Cartagena / Police Negotiations

haggling over fines for non-existent crimes & how to break the corruption cycle


But one needed to keep in mind that these were still cops, no matter how corrupt. It felt like our bargaining power matched theirs, but at the end of the day they were in charge and would decide over our fate that night: jail or no jail.


Taganga / No Tenemos Plata

DSC01398 (2).jpg

Taganga / Colombia · 2012   green bay


A fishing village, once, Taganga was ripped wide open for tourism to fester. Cocaine so cheap, LSD almost free. One morning, my Canadian bunk neighbor, a sweet little soul, came in with pupils like saucers and a white nose. I asked him if he was OK because he didn’t look it underneath his boyish blonde hair. Without any recollection of the night he had had, all he was left with was the bunch of incoherent nonsense he stammered. Looked like he was mid-comedown, like a falling angel.

Taganga / Colombia · 2012   the fishing village underneath

DSC01391 (2).JPG

Taganga is a bay and next to it another and another and so on. The first time we ventured bay-wards, dusk was already settling and all the locals were on their way back. They told us it was too dangerous to go there now, and we listened. The next day we went earlier but got caught in dusk again on the way back. Crossing the last bay before Taganga, someone offered up a boat ride, but we were too cheap. Now we were the last two people remaining on the little path. Until we weren’t. My German companion started running with some sort of instinct in his legs, while I stood still like a dummy. A moment later, two knives were pointed at me. Both guys looked young and as skinny as their knives but determined enough to give me a little stab or two. From a safe distance my companion offered moral support by shouting “NO TENEMOS PLATA, NO TENEMOS PLATA” (we don’t have money), while I fumbled in my pocket, stalling, pushing aside the phone and sunglasses I preferred to keep, walking my hand down to some change. By the time my hand resurfaced with a few worthless coins in it, the German baritone had swollen to such a volume that the knife-boys got more scared than they were scary and a moment later they ran off none the richer.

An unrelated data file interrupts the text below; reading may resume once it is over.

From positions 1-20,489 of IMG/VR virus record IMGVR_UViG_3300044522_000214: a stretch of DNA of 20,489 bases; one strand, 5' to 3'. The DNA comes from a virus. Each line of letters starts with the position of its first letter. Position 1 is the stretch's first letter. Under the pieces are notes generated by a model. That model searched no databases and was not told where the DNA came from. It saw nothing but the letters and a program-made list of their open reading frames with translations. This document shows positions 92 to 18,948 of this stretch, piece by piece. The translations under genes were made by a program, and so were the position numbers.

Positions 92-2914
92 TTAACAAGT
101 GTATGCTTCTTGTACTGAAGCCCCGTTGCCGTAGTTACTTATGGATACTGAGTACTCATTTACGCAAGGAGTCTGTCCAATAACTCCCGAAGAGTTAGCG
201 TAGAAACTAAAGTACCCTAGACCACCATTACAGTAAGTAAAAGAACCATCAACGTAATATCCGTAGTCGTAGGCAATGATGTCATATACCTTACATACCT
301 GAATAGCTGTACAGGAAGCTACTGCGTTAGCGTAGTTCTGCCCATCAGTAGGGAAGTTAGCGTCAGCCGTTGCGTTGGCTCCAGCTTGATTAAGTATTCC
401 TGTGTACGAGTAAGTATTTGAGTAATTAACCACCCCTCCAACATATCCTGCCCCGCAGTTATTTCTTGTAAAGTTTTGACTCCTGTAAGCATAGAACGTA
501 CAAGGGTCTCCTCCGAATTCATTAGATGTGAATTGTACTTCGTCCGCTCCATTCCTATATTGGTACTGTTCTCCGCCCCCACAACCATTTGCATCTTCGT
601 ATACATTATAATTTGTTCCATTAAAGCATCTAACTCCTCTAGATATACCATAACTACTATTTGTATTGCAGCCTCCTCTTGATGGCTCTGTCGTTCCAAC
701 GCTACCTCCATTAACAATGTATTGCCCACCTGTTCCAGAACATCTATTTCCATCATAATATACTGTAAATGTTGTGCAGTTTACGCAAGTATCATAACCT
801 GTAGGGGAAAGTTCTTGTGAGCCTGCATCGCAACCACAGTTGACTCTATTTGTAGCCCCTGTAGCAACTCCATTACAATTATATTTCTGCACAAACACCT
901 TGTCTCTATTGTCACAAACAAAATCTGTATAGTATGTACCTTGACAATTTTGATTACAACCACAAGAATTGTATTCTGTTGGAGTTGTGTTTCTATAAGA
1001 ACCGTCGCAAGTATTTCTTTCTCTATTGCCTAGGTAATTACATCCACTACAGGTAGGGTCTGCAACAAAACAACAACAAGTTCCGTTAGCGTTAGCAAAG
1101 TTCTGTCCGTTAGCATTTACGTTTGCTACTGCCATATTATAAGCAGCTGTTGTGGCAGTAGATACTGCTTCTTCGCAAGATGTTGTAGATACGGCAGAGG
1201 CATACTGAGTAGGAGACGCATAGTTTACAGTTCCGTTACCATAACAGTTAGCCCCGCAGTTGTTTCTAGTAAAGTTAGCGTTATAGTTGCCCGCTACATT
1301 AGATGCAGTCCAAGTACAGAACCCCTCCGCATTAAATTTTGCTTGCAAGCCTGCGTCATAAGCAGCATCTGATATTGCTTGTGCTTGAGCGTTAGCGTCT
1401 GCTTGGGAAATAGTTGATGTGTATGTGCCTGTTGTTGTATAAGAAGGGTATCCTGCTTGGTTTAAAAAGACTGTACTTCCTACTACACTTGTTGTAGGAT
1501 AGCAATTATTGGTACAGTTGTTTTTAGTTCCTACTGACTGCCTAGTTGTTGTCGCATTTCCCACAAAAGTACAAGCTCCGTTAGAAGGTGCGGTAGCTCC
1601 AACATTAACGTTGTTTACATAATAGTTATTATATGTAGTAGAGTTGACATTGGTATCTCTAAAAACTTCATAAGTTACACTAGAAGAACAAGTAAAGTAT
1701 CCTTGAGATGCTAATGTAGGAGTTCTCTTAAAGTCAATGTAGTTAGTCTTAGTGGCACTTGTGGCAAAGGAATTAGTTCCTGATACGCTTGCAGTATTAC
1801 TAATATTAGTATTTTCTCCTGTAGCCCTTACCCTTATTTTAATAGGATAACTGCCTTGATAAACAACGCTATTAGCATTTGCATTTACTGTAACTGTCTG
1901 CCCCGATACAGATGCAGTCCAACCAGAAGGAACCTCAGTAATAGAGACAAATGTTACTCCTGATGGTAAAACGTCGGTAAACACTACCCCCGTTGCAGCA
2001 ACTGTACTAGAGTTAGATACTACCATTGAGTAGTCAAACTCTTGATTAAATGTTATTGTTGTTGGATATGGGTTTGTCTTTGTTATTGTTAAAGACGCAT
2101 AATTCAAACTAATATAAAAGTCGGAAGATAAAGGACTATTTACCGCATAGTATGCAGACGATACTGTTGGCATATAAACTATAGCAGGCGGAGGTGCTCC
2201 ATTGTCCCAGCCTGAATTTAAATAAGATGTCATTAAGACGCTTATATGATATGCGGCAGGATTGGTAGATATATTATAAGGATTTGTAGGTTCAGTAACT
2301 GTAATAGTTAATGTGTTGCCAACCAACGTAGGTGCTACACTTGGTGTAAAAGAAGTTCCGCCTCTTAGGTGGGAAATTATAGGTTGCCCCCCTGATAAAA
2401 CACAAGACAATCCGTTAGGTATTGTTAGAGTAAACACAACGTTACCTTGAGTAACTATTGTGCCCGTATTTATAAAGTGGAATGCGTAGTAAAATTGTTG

Taganga / Colombia · 2012   another bay and then another


Tayrona / Robinson Cruwhoooosoe on LSD

Tayrona National Park / Colombia · 2012   boulder beauty

Tayrona was a trip. Literally, figuratively, then again literally, and then a few more times figuratively. The first trip was into the park, as deep as you could, shedding one layer of people like you with every beach. Then there were the LSD trips for those who wanted to trip on nature's beauty to the power of two. Smaller Robinson Crusoe trips to the nearest coconut palm or mango tree for food provisions. At night, a trip or two to the milky way and back.


kids at Tayrona National Park in Colombia

Tayrona National Park / Colombia · 2012   childhood Eden


crab at Tayrona National Park in Colombia

Tayrona National Park / Colombia · 2012   crabbedy crab